After trucking through a series of hefty priced medical treatments and a few surgeries, Laxmi has come out as an impressive activist; and acts as the literal 'face of courage' for a new fashion campaign in India.
Her public interest litigation catalyzed the landmark judgment in 2013, when the Supreme Court called for restrictions on the sale of acids and also greater compensation for any victims. Just a heads up—there are around 1,000 acid attacks in India every year, and these victims face massive, almost crippling social taboo as result.
To this day, Laxmi continues onwards with her campaign through the Chhanv Foundation and Stop Acid Attacks. She was awarded the International Women of Courage Award by Michelle Obama in 2014.
India's set to kick off it's 2016 film year on an edgy, controversial note.
Two Bollywood comedies, both starring the same actor, are slated for release within a week of one another.
The films, Maastizaade (see still above) and Kya Kool Hain Hum 3 are set for release to the public after facing notable resistance from India's censor board. The films were originally barred a certificate from the famously hypercritical censor board, which was the same board to cut back on the kissing sequences in the latest James Bond flick, 'Spectre.'
The films will debut with their respective 'adult' certificates, but the censorship trivialities continue to endure.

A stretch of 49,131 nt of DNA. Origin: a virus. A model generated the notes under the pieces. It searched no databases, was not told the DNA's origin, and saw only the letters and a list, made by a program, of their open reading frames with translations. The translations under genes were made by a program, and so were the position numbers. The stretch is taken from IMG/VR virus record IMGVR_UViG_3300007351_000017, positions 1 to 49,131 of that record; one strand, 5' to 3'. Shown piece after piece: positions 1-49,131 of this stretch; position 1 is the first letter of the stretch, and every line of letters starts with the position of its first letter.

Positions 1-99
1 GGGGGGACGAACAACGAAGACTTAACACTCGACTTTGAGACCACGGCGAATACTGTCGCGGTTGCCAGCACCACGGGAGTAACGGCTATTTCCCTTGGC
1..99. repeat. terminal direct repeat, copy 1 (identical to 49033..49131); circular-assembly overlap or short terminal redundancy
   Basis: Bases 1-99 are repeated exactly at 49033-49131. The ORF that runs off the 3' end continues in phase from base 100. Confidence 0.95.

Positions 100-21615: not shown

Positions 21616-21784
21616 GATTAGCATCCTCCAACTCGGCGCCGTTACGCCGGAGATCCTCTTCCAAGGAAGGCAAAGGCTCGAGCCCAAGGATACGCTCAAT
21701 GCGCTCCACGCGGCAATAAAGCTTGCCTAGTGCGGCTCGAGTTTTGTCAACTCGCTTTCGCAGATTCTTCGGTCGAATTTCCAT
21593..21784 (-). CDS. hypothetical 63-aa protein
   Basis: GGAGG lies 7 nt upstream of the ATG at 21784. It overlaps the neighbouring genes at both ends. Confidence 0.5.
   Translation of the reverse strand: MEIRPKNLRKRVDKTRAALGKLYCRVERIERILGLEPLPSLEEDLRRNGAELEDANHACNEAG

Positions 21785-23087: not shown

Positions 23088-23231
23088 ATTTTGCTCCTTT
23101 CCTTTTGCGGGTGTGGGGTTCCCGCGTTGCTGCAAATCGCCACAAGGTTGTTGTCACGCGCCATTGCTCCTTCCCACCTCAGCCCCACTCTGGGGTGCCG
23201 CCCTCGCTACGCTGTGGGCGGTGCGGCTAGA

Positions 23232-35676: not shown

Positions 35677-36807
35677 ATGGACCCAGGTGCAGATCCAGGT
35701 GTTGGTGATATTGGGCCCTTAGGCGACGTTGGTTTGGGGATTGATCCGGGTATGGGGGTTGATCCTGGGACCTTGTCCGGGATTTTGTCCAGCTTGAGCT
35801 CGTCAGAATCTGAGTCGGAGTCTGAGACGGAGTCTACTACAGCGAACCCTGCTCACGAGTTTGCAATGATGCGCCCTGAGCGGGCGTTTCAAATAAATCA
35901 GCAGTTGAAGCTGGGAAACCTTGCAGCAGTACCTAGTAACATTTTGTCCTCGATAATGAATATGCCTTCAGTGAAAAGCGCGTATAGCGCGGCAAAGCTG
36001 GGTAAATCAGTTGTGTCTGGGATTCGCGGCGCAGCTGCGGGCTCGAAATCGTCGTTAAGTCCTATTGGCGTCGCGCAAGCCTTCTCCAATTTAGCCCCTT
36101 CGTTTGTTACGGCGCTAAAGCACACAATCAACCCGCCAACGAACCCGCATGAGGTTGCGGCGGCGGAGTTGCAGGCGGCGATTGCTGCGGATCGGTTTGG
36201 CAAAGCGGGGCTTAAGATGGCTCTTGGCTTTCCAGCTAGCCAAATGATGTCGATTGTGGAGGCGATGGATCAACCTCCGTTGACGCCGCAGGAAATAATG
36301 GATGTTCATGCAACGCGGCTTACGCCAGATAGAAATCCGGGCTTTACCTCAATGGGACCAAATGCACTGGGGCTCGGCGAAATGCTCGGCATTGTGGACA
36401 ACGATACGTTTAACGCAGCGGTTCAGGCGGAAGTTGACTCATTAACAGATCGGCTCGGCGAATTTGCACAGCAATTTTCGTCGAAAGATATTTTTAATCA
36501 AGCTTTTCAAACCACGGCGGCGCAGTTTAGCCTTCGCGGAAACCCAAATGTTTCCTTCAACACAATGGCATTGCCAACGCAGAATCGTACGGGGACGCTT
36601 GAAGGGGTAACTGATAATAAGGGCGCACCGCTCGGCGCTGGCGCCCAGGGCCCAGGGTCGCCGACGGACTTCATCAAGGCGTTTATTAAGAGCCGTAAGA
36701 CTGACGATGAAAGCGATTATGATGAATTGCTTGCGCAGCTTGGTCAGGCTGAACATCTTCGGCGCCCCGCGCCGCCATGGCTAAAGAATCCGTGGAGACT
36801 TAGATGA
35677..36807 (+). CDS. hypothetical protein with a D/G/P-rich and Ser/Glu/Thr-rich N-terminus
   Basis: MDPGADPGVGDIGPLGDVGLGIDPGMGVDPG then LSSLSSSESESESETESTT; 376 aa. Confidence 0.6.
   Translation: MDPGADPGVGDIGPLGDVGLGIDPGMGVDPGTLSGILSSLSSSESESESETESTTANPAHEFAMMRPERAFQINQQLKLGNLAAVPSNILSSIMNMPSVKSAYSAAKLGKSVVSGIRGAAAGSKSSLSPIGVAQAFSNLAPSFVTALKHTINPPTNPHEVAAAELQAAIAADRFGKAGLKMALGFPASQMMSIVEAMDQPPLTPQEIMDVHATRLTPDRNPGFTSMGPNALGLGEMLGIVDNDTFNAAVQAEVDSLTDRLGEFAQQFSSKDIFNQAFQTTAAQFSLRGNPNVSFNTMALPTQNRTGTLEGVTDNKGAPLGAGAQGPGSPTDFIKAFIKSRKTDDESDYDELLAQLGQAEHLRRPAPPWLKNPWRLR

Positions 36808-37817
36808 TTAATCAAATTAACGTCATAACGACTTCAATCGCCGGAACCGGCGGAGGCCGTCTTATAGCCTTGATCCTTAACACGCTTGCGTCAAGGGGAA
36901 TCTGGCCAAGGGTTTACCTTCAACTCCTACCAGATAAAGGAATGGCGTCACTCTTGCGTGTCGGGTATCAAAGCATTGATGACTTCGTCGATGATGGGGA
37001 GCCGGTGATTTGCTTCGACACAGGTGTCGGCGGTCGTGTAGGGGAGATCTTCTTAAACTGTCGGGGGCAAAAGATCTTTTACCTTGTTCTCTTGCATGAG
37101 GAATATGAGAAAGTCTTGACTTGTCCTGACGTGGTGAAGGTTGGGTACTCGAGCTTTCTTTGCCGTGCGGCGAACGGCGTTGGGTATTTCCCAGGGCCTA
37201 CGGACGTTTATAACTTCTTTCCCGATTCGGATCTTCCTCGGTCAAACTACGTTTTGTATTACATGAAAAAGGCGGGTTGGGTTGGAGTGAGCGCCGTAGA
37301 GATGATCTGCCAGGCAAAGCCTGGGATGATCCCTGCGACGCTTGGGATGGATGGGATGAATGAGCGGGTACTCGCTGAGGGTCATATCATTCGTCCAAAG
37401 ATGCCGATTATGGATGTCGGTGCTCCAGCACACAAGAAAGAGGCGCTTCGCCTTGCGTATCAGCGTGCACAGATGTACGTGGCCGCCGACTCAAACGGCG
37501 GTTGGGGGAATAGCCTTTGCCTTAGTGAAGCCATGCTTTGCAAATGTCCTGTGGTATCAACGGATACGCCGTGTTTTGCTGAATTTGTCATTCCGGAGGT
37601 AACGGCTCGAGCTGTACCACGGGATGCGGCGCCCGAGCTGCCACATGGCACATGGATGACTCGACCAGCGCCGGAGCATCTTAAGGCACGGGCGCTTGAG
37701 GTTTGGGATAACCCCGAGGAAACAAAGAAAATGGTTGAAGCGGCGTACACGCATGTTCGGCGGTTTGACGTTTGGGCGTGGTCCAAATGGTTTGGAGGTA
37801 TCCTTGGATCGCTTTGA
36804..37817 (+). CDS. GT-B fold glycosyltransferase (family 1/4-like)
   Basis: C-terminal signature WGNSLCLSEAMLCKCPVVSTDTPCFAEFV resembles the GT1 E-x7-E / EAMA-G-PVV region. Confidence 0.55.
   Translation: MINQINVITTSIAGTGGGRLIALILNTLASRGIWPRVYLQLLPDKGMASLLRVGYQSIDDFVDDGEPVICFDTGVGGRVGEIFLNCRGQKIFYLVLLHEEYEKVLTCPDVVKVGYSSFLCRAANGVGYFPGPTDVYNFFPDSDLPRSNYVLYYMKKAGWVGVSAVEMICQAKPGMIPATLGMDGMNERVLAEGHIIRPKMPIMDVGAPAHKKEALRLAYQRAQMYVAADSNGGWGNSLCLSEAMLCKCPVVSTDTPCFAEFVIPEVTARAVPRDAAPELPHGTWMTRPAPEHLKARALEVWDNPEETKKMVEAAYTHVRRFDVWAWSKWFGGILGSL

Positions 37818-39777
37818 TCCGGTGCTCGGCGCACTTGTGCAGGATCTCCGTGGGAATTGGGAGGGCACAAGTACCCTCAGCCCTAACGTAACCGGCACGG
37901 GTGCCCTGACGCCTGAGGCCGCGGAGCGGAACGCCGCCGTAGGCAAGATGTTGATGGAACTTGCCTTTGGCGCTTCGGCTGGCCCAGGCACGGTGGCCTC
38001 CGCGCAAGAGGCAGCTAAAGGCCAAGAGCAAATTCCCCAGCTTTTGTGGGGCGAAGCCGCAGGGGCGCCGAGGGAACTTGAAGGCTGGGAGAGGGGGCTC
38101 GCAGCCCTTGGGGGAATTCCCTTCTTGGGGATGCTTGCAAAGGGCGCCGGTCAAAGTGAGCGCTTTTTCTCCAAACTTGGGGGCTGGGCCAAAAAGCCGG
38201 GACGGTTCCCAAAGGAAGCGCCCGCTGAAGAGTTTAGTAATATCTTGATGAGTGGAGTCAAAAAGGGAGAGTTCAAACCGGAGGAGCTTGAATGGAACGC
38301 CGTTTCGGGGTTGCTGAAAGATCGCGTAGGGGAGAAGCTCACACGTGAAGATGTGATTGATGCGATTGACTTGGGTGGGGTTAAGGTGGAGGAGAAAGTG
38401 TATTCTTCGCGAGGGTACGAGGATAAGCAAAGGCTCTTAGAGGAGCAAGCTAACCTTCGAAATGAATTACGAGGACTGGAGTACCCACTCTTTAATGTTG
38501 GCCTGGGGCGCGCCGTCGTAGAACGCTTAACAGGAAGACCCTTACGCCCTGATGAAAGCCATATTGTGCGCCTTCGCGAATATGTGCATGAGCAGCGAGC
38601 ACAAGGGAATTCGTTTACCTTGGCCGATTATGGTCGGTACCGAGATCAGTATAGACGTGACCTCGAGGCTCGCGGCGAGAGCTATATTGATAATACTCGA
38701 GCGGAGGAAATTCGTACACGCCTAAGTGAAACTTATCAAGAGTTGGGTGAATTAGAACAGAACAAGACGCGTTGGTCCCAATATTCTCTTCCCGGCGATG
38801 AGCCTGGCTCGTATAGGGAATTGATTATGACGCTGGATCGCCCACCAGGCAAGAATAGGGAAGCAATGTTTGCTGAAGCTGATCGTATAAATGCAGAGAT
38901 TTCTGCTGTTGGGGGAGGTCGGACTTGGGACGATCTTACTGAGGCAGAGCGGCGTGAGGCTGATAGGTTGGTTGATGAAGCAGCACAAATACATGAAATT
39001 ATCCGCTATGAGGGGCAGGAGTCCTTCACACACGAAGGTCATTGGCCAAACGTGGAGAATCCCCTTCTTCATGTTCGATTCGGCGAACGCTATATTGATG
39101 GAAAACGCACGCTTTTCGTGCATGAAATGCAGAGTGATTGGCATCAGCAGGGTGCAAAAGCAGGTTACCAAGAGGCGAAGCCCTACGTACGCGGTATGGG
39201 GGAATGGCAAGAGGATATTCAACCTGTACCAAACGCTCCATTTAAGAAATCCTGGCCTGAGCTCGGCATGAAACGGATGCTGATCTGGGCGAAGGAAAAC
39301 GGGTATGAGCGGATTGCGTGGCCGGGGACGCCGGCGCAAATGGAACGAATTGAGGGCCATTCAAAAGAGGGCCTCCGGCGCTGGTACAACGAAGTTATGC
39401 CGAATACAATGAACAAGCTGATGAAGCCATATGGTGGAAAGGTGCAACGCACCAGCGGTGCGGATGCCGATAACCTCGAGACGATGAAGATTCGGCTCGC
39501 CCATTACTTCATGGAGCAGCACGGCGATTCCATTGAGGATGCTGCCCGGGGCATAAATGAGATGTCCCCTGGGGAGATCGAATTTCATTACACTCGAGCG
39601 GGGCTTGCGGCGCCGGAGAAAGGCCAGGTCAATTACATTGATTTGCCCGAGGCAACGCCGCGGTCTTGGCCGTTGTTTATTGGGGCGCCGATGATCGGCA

India's Information and Broadcasting Ministry demands to know the reasoning behind censor board chief Pahlaj Nihalani's decision to pass the films. Nihalani validates his contested decision as one born of a 'Catch-22 situation.'
"When we strict with the vulgarity content, were were called prudes... So, we certified some films with scenes and dialogues that we would otherwise have never passed as they went against our guidelines," Nilhalani said.
We've all been there, buddy.
This terrifically sad sight is a thirsty wild leopard that wandered into a rural Indian village and proceeded to get his feline face stuck in a pot.
Don't worry, there's a happy ending.
The Guardian has more details:
The thirsty feline got into a spot of bother when it got its head trapped in a metal pot after venturing into a North Indian village looking for water.
For six hours the leopard stoically endured the unwanted utensil as curious villagers looked on, unable to help the cat out.
Eventually, forest officials managed to tranquilize the leopard and free it from its potty prison.
It was then released back into the wild.
And yes, there is a video of the poor cat
Does anyone else think of this?
We live in a very intense world, people.
The India Express is reporting that a mob of Hindus, the majority religion in India, pulled a Muslim man out of his home Sept. 28. They proceeded to beat him to death.
The cause? They heard rumors that had eaten beef.
Six people were arrested in connection with the attack, around 45 km from Delhi, sparking protests that led to police firing, damage to vehicles and injuries to a 20-year-old welder who works for the National Thermal Power Corporation (NTPC) facility in the area.
Police said they have sent samples of meat taken from Akhlaq's home "to the forensics department for examination". Akhlaq's daughter, Sajida, said the family had "mutton in the fridge" and not beef.